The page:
January 25, 2018 at 5:00 am ET
Every day, 10,000 Americans reach Medicare age. For many, a 65th birthday launches a long-awaited, active and enjoyable retirement. However, for the 1 in 4 older people living in a small town or rural area — more than 10 million seniors and counting — many challenges await.
Those accustomed to metropolitan living may not fully realize the importance of local services for older neighbors. There are buses, subways, cabs and ride-shares to get around. A multitude of physicians and health care resources are available. If an older person struggles with nutritious eating, they can obtain Meals on Wheels or use grocery delivery services. If they need human contact, they can head to the local senior center or a community facility like a YMCA. And there’s a bustling economy of handymen, home health aides and other providers to call on for various needs.
Step beyond the suburbs, however, into America’s small towns and rural communities, tribal areas and remote geographies, and these forms of support drop away. Healthy, independent living can be difficult to maintain.
It’s a fact: Rural Americans are more likely to have a chronic disease and disability, and they’re less likely to engage in healthy behaviors. In a startling number of areas in the United States, life expectancy is declining. Older Americans need better access to health care and other support services but receive just the opposite.
For example, the number of physicians per capita is about 30 percent lower in rural communities. The nearest clinic for a checkup may be many miles away, and the hospital even further. Healthcare is accessible only by car, and if family members have moved to the big city, there may be no one around to drive. Insufficient care and fewer people to help with caregiving soon takes a physical toll.
Then there is mental well-being. Rural seniors can experience social isolation and loneliness. Without nearby friends, Wi-Fi access or activities, they may spend days with only a television for company. Such loneliness and the depression and other mental health issues it brings contribute as strongly to mortality as other diseases.
Complicating the problem, rural economies have been slow to recover since the Great Recession, if they’ve rebounded at all. The tax base is often stagnant or declining, and little funding is available to serve an expanding population of older adults.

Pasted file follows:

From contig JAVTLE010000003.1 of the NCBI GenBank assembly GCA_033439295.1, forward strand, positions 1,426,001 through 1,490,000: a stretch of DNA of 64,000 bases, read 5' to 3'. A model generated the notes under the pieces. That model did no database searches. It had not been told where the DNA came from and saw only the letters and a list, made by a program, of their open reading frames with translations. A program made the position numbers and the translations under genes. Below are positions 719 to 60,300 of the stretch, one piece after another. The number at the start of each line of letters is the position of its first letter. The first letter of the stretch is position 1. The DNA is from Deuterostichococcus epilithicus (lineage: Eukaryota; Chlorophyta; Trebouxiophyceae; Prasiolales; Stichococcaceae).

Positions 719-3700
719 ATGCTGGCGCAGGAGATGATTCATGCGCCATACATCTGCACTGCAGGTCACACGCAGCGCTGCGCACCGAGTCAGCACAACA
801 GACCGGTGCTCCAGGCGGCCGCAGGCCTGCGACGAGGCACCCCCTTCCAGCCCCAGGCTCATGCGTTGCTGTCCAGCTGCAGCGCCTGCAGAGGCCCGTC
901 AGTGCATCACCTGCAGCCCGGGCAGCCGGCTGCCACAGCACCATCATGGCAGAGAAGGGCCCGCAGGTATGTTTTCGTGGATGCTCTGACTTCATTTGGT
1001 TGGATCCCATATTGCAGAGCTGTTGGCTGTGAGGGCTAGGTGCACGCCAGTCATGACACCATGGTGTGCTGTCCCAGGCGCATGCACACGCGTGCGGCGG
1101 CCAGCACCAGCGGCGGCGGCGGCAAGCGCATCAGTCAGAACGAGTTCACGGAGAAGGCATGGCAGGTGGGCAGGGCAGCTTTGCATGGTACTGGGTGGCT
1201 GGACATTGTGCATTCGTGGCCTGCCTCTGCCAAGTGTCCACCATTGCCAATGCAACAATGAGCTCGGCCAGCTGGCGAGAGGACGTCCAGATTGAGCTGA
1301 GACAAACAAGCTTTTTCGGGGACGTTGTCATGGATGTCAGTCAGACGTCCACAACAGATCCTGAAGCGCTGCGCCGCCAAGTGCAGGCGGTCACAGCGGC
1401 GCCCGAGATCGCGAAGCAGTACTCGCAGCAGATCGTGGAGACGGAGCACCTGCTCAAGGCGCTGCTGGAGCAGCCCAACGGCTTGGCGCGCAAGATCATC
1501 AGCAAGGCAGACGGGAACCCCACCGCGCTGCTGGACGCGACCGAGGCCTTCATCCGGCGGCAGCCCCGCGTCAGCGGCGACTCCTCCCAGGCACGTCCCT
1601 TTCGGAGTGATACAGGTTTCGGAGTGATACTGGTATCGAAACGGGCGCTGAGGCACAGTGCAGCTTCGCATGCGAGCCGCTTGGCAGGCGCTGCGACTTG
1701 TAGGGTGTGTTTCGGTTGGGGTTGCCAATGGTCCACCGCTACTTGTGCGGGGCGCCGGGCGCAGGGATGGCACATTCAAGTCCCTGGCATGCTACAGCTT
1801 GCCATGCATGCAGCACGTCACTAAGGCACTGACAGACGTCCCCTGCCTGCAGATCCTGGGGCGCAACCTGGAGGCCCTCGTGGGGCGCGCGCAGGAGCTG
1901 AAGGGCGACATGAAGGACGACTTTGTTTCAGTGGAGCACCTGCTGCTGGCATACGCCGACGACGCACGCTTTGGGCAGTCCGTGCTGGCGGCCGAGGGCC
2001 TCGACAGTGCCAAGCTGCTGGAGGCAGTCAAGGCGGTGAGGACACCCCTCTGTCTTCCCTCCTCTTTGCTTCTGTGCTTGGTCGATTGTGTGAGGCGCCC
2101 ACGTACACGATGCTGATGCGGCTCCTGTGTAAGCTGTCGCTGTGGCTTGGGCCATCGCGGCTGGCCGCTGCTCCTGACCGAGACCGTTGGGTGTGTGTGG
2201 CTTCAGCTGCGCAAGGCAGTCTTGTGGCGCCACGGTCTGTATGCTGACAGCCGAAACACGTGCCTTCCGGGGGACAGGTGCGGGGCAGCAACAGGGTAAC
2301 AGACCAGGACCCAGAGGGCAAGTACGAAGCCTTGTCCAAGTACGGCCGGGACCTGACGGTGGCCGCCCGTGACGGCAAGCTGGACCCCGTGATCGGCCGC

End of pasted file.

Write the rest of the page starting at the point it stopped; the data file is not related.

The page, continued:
For the cohort aged 85 and over, which is among the fastest growing demographics in this country, the needs are substantial. Without a support structure, dementia, declines in sight and hearing and general frailty, among other issues, can make it impossible to achieve what 87 percent of older Americans say they want — to age in their own homes.
No one wants to hear that we are failing our senior population. But the real question is: What do we do about it?
First, we acknowledge the scope of the problem. Then we collaborate. We tap into the “collaborative IQ” of lawmakers and government agencies, advocacy organizations, businesses, academic experts, community leaders, seniors, their families and other stakeholders. We start pooling resources and integrating programs, while making the right policy choices.
We work with internet service providers to extend broadband, so we can augment in-person health care with telemedicine and use Skype calls to keep families in touch between visits.
The philanthropic community can also help. Currently, only 2 percent of charitable giving is focused on aging, and of that amount a mere 7 percent is dedicated to rural aging. We should expand charitable funding devoted to rural aging by increasing awareness of needs of rural seniors and examining where businesses and the private sector can help.
We adapt the highly successful SilverSneakers concept of pairing fitness with social engagement to also meet other needs. And we build on current ride-sharing and volunteer driving opportunities to get seniors out of their homes, not just for doctor’s appointments but for more of the activities that improve their health and make for a vibrant life.
Those ideas and others are being tested and improved right now, but we must do more, and we will. That’s why Tivity Health is working with MIT AgeLab, Jefferson College of Population Health, and experts from multiple disciplines and sectors of society, to conceive and implement solutions to some of the most pressing problems facing older adults in rural America — and we’re asking policymakers in the White House and Congress to join us.
Donato Tramuto is CEO of Tivity Health, parent company of SilverSneakers, and founder and president of Health eVillages.
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